Medicine is one of the professions where Bureau of Internal Revenue (BIR) look at when it comes to tax non-compliance. We are not saying that doctors and other medical practitioners are not paying the right taxes but, it was just observed in the past and even today that there were transactions which are off-books.
Issuance of the Revenue Regulations No. 14-2013
It could be observed that sometimes, when you visit your doctor for a consultation, you pay and you are not issued with a receipt. And if sometime you were issued with, it is not a valid receipt. That is where questions on compliance kicks in and might be one of the reasons why BIR issued Revenue Regulations No. 14-2013.
Reading Revenue Regulations No. 14-2013, it may seem like BIR wants to reiterate the obligation of hospitals, HMOs and other similar establishments on withholding taxes of medical practitioners who are not under an employer-employee relationship with the hospital, clinic or HMO and other similar establishments.
Under RR No. 14-2013, any amount collected for and paid to medical practitioners (includes doctors of medicine, doctors of veterinary science and dentists) by hospitals and clinics or paid directly to the medical practitioners by health maintenance organizations (HMOs) and/or similar establishments shall be subjected to:
- 15% withholding tax if the current year income payments to medical practitioner exceeds P720,000
- 10% if it doesn’t exceed P720,000
Duties of Hospitals, HMOs and Other Similar Establishments
Following are the duties of hospitals, clinics, HMOs and similar establishments:
- withhold and remit taxes due on the professional fees of their respective accredited medical practitioners, paid by patients who were admitted and confined to such hospitals and clinics
- ensure that correct taxes due on the professional fees of their medical practitioners have been withheld and timely remitted to the BIR
- shall not allow their medical practitioners to receive payment of professional fees directly from patients
- shall submit the names and addresses of medical practitioners in the following classifications, every 15th day after the end of each calendar quarter:
- Medical practitioners whose professional fee was paid by the patients directly to the hospital or clinic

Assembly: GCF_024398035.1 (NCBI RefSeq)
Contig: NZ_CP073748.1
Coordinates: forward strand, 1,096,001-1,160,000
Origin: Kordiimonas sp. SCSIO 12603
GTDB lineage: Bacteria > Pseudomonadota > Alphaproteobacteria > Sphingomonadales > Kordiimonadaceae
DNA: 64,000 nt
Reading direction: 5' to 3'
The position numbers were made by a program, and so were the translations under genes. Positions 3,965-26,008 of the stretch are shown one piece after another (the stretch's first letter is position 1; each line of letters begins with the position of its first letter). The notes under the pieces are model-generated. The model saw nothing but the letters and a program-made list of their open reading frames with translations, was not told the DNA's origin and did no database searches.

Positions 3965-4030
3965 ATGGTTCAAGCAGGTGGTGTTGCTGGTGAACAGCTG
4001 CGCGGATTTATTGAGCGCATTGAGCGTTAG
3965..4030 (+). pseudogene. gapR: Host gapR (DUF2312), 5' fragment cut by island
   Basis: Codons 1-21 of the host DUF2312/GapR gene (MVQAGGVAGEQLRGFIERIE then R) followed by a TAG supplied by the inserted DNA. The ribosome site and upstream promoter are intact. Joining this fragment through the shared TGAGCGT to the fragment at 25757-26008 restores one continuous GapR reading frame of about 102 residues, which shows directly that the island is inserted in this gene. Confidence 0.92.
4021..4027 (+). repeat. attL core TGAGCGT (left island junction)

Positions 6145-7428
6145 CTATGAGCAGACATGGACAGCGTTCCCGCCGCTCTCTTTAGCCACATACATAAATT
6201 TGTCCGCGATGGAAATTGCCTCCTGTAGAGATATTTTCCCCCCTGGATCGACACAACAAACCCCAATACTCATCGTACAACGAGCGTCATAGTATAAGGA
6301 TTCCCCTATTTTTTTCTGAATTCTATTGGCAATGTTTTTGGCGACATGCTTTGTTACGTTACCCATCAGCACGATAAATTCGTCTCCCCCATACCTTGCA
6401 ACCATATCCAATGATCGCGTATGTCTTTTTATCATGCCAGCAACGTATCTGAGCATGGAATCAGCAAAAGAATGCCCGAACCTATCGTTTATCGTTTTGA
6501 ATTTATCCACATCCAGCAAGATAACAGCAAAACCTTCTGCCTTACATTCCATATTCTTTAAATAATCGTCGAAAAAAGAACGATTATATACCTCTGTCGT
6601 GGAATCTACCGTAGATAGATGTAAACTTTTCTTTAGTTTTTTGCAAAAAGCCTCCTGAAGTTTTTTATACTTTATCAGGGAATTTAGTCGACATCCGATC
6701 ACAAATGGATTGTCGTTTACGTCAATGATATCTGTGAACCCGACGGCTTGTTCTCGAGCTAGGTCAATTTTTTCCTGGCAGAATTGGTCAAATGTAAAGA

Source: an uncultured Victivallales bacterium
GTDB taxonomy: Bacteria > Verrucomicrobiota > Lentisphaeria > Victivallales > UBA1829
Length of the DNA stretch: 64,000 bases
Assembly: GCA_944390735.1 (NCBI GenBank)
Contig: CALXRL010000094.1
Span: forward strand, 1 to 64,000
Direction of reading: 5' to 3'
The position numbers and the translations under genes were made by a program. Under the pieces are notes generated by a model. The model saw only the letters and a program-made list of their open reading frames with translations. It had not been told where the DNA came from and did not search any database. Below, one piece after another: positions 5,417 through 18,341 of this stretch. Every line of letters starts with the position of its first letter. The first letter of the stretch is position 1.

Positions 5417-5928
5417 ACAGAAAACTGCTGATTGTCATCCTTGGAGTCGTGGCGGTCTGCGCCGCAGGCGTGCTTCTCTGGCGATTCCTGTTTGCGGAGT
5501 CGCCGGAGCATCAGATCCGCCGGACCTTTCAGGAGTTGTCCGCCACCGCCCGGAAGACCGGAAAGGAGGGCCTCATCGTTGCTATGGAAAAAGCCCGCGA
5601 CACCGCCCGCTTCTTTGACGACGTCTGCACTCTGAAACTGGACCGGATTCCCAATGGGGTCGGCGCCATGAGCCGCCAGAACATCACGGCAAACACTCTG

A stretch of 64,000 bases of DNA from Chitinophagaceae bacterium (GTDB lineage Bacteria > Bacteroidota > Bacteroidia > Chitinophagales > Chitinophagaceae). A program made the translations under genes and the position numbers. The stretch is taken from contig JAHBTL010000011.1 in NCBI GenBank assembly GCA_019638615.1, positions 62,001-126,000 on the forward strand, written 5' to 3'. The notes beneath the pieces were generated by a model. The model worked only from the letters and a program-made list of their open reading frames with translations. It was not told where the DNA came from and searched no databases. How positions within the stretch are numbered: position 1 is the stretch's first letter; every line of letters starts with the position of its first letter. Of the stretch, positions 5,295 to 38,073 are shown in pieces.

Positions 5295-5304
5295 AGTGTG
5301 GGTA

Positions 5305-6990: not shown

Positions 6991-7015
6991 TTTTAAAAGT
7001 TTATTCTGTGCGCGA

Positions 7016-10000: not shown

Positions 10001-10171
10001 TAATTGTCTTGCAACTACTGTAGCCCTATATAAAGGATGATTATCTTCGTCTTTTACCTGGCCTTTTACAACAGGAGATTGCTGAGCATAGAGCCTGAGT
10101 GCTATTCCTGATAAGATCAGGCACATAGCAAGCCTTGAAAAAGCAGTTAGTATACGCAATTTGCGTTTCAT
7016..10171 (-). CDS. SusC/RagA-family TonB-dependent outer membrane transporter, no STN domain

- Medical practitioners who did not charge any professional fee from their patients
- shall submit to the BIR (Collection Division of the Regional Office having jurisdiction over the place where the income earner is registered/Large Taxpayers Collection Division for large taxpayers in Metro Manila/LTDO for large taxpayers outside Metro Manila), in three (3) copies [two (2) copies for the BIR and one (1) copy for the taxpayer], a sworn statement executed by the president/managing partner of the corporation/company as to the complete and updated list of medical practitioners accredited with them.
Tax Forms to be Used
The taxes withheld from a medical practitioner of 10% or 15%, depending on the above conditions, are creditable. This means that the withholding taxes can be claimed as tax credit against the practitioner’s tax liability for a given period.
The hospital, clinics, HMO and other similar shall issue Certificate of Creditable Tax Withheld at Source (BIR Form No. 2307) to medical practitioners who are subjected to withholding, every 20th day following the close of the taxable quarter or upon request of the payee.
The list of all income recipients-payees shall be included in the Alphalist of Payees Subject to Expanded Withholding Tax attached to BIR Form No. 1604-E (Annual Information Return of Creditable Income Taxes Withheld (Expanded)/Income Payments Exempt from Withholding Tax).
The BIR seems serious with running against tax evaders. This year alone, news about cases filed against professionals, business people and entities mushroomed the media. It is then better for all of us to do the right thing than to suffer the consequences later. To be safe, always remember to consult your accountants and auditors to ensure that you are compliant with all the tax requirements.
Tell us what you think. 😉
Disclaimer: Opinions expressed in this article are that of the author and information provided are for general conceptual guidance for public information and are not substitute for expert advice. Contact firstname.lastname@example.org for more information and if you want to avail professional services. Find us on Facebook!